The epitome of summer movie machismo, thus far. From the production team of Don Simpson and Jerry Bruckheimer (Top Gun, Days of Thunder, Bad Boys)
comes this archly invigorating exercise in explosions and tough-guy heroics, the kind of film you either love or hate, with very little middle ground in between. I've never been much of a fan of the production team, or director Bay's brand of theatrical bombast, but The Rock
is a step above their usual fare, taking itself about as seriously as a Sennett pie-fight, and nearly as entertaining. This may be the capstone to Simpson's career; he passed away last year, and, as such, it's an above-average end note, full of the sort of mindless, high-gloss fun and games Simpson was known for, both at work and play. Harris is the noble villain here, a renegade U.S. general who takes 81 tourists prisoner on Alcatraz and aims a battery of nerve-gas rockets at the San Francisco Bay Area in a misguided attempt to call attention to some vague injustice. Cage is the FBI “chemical super freak” called in to bring him down, and Connery plays a British expatriate criminal enlisted from within the bowels of the penal system to break back into “The Rock,” having been the only man to ever escape from the island fortress in the first place. It's a race against time with the fate of the entire San Francisco population hanging in the balance, and a remarkably swift two-and-a-half-hours in the bargain. Director Bay has streamlined his action-movie chops since Bad Boys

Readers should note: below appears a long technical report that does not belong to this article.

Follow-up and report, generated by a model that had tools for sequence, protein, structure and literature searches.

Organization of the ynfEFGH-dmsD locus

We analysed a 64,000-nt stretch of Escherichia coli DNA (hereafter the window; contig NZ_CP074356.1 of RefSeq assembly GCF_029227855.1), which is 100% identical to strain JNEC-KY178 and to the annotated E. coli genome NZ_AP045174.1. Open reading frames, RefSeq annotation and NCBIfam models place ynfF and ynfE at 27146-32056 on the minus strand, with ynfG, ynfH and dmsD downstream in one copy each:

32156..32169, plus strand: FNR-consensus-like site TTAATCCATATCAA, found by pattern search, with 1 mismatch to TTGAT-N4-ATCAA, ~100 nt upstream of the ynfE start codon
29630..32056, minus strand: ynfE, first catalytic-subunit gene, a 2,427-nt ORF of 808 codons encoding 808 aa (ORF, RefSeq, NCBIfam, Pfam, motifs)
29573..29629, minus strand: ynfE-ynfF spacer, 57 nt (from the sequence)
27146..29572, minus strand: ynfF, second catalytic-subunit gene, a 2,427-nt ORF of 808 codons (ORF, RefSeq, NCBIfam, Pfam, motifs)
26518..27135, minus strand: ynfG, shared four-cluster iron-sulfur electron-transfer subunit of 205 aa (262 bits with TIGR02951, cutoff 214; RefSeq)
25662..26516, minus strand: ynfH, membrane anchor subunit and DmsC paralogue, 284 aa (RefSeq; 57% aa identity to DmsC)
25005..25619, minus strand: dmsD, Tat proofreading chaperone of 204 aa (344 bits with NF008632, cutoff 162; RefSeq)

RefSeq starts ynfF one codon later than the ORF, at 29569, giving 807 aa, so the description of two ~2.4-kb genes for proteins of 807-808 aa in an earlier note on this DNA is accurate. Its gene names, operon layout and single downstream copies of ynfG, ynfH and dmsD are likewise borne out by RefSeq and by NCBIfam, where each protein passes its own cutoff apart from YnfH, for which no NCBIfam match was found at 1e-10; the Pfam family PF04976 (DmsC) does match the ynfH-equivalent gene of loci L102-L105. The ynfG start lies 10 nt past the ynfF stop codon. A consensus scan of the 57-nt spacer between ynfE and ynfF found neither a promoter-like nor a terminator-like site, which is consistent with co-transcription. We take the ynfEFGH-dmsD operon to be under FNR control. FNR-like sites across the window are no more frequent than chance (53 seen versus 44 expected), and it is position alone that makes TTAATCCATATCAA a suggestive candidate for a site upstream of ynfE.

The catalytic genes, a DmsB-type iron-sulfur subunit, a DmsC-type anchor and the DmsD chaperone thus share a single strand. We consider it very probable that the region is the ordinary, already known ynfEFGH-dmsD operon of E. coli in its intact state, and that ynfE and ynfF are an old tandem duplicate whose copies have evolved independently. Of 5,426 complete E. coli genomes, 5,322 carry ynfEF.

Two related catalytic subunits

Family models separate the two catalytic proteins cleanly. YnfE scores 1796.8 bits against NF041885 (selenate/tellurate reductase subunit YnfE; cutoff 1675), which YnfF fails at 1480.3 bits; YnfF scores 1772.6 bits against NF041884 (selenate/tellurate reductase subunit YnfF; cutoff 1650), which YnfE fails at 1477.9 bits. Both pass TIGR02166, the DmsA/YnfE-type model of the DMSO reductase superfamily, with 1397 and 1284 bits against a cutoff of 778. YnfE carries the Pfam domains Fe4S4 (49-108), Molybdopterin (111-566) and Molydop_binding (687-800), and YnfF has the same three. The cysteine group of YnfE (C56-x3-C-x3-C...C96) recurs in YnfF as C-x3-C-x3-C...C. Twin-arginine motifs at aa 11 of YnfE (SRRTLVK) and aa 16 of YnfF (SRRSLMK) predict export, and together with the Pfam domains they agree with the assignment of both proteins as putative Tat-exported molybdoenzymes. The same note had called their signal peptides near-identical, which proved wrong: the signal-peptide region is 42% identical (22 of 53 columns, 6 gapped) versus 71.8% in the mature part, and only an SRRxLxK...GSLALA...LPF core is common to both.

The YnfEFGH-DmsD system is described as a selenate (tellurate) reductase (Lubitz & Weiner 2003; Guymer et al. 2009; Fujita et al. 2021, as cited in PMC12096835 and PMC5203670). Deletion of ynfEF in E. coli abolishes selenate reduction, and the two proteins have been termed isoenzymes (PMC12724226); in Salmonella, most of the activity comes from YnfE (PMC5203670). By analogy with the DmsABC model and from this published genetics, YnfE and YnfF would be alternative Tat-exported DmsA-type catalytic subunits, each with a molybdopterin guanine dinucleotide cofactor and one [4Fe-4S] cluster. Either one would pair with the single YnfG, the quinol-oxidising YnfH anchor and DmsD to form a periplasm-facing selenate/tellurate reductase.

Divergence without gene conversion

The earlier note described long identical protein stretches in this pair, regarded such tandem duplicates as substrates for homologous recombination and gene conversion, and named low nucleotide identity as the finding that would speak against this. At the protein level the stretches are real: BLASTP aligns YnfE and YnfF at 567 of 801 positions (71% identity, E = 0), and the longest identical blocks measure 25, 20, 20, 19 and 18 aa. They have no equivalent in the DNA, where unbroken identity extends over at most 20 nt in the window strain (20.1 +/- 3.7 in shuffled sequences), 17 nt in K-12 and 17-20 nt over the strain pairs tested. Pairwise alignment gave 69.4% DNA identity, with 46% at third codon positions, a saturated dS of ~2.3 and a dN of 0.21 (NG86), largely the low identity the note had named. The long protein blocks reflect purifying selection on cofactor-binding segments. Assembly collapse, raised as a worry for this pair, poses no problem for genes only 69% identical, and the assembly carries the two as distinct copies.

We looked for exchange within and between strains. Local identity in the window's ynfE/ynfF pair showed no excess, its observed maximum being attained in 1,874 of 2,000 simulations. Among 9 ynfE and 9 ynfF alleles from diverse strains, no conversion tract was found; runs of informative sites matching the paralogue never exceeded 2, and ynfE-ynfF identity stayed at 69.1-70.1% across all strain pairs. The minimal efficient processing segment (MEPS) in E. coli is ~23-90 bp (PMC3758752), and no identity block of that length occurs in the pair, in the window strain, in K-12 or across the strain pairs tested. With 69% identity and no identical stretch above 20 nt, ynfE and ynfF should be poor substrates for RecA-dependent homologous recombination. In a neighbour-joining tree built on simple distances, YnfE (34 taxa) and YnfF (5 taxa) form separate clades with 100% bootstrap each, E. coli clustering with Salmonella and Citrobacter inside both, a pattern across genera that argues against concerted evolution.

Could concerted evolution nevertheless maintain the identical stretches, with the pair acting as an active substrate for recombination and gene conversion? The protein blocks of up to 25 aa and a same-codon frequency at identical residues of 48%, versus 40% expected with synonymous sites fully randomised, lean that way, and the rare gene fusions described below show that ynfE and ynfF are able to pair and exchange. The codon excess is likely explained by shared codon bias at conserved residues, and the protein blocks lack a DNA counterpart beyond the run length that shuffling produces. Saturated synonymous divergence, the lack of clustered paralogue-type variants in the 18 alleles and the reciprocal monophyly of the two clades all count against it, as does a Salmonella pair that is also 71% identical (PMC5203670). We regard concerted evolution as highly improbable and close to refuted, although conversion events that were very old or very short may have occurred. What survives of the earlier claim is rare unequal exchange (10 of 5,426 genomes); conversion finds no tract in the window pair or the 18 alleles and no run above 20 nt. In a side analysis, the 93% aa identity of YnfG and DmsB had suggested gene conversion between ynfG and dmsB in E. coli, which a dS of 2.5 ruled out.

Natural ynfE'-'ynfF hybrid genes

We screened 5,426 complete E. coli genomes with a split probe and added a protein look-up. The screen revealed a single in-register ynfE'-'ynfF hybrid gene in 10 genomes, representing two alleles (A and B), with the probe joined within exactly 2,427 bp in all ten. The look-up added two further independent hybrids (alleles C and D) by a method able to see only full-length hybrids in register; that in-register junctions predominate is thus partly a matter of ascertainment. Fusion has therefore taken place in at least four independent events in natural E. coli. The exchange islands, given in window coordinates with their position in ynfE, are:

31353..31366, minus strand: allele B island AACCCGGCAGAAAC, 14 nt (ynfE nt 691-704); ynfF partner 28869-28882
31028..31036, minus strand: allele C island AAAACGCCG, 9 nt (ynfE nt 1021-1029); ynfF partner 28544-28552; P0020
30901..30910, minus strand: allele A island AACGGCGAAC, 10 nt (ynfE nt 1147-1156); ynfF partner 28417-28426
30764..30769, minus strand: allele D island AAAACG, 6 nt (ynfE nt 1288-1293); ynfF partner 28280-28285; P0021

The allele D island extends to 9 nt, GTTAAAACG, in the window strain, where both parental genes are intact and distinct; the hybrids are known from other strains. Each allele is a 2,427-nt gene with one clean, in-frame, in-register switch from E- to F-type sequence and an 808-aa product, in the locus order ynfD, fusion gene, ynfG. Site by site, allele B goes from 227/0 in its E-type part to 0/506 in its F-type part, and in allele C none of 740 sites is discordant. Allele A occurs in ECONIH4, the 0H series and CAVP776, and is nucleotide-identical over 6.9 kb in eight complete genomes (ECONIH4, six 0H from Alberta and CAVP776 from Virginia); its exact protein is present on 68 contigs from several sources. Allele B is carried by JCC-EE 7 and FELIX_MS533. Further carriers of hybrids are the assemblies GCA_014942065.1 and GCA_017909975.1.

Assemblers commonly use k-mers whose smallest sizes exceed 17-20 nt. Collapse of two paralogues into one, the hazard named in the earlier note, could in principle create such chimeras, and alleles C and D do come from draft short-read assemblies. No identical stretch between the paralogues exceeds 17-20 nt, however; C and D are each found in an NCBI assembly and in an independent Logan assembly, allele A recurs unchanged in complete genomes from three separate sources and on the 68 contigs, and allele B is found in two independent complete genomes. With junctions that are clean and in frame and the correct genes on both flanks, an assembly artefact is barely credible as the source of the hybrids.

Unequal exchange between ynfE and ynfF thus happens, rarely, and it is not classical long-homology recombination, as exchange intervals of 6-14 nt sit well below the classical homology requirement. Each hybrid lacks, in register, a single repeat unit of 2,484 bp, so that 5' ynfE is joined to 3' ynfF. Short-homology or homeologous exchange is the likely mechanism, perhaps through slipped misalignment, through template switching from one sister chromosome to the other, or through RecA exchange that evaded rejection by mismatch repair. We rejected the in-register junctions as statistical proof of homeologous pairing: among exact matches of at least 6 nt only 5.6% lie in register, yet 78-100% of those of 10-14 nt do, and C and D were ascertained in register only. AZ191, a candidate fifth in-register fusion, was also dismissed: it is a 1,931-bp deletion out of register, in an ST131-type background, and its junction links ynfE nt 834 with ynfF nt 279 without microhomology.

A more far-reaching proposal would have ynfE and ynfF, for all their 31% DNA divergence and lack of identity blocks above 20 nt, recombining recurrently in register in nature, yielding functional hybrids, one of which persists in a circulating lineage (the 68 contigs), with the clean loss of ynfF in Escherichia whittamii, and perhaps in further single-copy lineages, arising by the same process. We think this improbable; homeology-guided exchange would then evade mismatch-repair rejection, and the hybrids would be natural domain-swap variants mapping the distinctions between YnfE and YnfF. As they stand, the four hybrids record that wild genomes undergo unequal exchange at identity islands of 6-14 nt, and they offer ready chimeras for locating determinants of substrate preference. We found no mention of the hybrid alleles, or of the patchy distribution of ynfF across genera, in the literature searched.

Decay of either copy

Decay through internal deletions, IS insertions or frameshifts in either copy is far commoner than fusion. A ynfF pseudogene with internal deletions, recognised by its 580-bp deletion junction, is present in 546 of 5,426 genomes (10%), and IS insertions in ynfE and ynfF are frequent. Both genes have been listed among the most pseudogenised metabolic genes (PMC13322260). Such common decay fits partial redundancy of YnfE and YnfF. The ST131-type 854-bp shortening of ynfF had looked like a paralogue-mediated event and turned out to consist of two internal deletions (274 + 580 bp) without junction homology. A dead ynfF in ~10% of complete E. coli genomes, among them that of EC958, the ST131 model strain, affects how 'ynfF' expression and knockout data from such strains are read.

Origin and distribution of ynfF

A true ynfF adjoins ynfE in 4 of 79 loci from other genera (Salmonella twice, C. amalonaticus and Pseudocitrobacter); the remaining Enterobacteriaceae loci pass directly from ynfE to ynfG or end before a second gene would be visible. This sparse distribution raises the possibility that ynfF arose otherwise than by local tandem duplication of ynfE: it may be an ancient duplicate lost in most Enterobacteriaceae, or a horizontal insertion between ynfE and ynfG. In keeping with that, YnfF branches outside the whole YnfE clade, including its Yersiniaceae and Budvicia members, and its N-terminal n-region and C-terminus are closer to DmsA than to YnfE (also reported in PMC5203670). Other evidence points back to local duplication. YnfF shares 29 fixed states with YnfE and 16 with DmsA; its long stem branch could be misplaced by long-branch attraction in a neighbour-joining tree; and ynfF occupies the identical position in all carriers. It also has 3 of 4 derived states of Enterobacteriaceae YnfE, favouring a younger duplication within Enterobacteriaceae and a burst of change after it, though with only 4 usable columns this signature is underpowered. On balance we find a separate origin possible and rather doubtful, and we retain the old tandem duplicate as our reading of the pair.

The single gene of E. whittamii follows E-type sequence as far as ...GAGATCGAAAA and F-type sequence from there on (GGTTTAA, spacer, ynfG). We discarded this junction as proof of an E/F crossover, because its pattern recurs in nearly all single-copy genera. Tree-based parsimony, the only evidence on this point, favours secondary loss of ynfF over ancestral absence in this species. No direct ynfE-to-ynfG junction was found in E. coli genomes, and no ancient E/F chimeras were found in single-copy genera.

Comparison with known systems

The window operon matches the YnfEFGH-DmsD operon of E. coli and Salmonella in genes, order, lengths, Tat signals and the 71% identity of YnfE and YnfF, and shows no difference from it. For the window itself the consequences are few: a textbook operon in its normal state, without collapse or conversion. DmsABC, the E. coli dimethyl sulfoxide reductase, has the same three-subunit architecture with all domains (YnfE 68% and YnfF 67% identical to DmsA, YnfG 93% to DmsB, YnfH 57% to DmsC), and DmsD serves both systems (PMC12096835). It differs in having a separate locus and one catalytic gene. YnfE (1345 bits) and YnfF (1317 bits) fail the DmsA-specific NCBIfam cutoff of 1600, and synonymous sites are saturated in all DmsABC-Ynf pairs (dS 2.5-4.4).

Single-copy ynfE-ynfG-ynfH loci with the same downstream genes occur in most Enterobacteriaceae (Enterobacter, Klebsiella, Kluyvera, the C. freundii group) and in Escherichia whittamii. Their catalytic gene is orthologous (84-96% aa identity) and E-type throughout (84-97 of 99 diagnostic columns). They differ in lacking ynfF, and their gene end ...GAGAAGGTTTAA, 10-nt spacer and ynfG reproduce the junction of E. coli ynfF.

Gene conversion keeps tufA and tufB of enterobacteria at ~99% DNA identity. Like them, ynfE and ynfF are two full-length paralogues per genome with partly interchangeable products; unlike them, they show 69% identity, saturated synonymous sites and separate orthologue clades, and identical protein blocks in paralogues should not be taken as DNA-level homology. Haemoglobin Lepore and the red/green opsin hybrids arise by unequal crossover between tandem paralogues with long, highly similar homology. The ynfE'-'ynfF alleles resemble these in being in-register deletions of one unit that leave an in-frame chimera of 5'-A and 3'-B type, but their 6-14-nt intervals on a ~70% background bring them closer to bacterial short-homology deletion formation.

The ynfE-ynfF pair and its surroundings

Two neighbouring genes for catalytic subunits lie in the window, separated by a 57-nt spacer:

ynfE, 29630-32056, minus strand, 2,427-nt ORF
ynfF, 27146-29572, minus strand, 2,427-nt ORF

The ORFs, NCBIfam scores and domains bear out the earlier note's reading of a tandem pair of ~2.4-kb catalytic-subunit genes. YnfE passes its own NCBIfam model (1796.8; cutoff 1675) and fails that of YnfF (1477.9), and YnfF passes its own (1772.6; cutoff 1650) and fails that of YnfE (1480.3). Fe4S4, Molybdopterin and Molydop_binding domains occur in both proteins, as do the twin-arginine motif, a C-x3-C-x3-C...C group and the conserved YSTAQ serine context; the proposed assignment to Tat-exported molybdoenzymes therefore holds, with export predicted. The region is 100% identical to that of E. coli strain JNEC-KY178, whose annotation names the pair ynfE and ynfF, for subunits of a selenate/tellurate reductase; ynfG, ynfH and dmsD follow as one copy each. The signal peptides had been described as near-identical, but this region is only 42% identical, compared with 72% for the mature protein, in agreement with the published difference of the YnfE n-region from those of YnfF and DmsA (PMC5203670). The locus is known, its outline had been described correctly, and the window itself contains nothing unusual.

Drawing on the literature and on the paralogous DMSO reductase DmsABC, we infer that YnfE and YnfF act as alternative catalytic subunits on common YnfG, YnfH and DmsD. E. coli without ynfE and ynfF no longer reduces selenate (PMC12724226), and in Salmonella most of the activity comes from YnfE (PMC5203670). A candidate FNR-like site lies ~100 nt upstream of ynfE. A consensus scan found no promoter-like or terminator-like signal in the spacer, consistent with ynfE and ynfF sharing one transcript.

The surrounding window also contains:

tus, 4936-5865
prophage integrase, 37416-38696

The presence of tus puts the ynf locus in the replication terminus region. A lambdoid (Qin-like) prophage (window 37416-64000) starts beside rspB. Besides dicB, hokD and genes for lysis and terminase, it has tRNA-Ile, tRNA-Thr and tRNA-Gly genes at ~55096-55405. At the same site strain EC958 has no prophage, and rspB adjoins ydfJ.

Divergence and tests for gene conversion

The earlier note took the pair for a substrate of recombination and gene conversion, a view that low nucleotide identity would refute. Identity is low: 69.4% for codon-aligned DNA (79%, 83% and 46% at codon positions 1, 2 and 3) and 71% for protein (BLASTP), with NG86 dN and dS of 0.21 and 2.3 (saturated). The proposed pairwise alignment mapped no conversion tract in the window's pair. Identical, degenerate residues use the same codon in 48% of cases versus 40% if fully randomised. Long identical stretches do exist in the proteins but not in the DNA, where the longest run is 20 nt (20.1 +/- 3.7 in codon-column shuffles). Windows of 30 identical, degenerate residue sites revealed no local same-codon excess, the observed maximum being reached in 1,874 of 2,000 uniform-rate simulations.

-- The Rock
moves along at roughly the same speed as a Six Flags roller coaster, barely pausing to set up the initial story line and then refusing to even pause for breath, cramming in enough stylized angles, breakneck editing, and nail-eradicating excitement to give Jan de Bont a run for his money. All three leads are excellent, with Cage topping them all as the queasy, self-deprecating FBI agent forced, against his will and better judgment, into his first combat situation. The Rock
is the Guy Movie to end all Guy Movies, a ridiculously overblown summer testosterone blowout right down to the Wagnerian strains of the soundtrack and its stunningly high body count. It's also a hell of a lot of fun.